Dear Conservatives: “Cultural Marxism” Doesn’t Rule Higher Education
“You go to an Ivy League school? Why would you choose a haven of Marxist indoctrination?” is the response I get fairly often when discussing my politics with my more right-leaning friends.
Sooner or later, when my points can’t be refuted on their own merits, where I go to school is next in the crosshairs. I don’t advertise on my personal Facebook page or my clothing where I go to college, or even that I go to college. Yet it is either researched or asked of me in an attempt to dig up dirt on where I come from so that a gotcha moment can be presented.
“Well, you are taught by cultural Marxists, so there!” they accuse.
But is that even accurate? Do professors at my school – or really, any school, anywhere in the country – truly lean Marxist in their political outlooks? And even if they did, how can we prove that they are all intentionally forcing their views down the throats of us poor, impressionable students?
Well, as it turns out, we have data on this already – both on what percentage of school professors are actually Marxists, and what motivates the numbers to fall this way – and it might not exactly fall into any one preconceived narrative. Facts are funny that way.
First is the claim that “all” or even “most” college professors are Marxists. According to three separate surveys conducted over several decades and independently of each other at U Toronto, UCLA, and Carnegie, most college professors are center-left, politically. Professors in a few particular fields of study tend to skew more liberal than others, but there is almost ubiquitously a center-left bias among college professors across the board.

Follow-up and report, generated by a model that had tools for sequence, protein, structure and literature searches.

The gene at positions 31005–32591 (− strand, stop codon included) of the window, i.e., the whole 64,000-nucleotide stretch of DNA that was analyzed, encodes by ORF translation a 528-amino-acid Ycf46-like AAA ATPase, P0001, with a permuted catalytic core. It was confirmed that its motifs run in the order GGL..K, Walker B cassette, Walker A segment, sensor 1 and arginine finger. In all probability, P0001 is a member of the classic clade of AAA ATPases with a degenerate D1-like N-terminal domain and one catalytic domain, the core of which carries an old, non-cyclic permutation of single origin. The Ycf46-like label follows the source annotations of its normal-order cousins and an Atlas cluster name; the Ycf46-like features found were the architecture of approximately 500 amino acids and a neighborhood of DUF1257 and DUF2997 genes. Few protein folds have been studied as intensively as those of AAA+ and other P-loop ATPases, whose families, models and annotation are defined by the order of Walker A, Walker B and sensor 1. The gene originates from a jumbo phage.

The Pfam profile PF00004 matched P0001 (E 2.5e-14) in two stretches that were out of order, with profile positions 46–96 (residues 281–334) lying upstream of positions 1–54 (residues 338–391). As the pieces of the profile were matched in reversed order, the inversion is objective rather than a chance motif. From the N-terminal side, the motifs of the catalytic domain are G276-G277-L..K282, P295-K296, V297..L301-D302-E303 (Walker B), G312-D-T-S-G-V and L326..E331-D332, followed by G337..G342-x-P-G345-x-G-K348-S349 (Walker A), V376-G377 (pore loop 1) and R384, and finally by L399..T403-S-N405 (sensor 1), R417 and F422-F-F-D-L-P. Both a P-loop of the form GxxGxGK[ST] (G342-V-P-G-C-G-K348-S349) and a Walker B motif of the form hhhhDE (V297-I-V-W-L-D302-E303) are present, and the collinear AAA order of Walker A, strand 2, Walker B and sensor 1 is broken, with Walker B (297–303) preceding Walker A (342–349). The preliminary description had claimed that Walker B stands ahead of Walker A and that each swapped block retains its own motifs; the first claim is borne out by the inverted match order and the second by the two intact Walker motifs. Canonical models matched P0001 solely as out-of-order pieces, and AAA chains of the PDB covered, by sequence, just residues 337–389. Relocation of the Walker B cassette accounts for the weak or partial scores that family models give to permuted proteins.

However, it is worth noting that center-left is not where Marxism is ideologically positioned, not even close. Additionally, the studies that divide the surveys’ results by percentage show that there are fewer actual Marxists in higher education than there are conservatives. We are talking single digits here.
But even beyond that point, the better question is how these numbers got to where they are. Is it some Marxist conspiracy?
The National Association of Scholars (a conservative research group) wrote an article that cited “robust empirical support” for the conclusion that the numbers come as a result of self-selection. Why aren’t more conservatives teaching social science? Simply put, less conservatives want to. And so it goes on down the line, including those dreaded Marxists. So, no conspiracy there, after all.
Even the term “cultural Marxism,” has origins in Nazi propaganda. A term with such vacuous etymology and purpose should deter anyone, not just conservatives, from perpetuating it, since most people are moral as well as reasonable. Yet it doesn’t, likely because few people who use the term actually do not know where it comes from.
When used with such fervor and so little restraint, against me specifically, I cannot help but feel sorry for those manning the verbal cannons; they don’t realize what a backfire they are about to experience.
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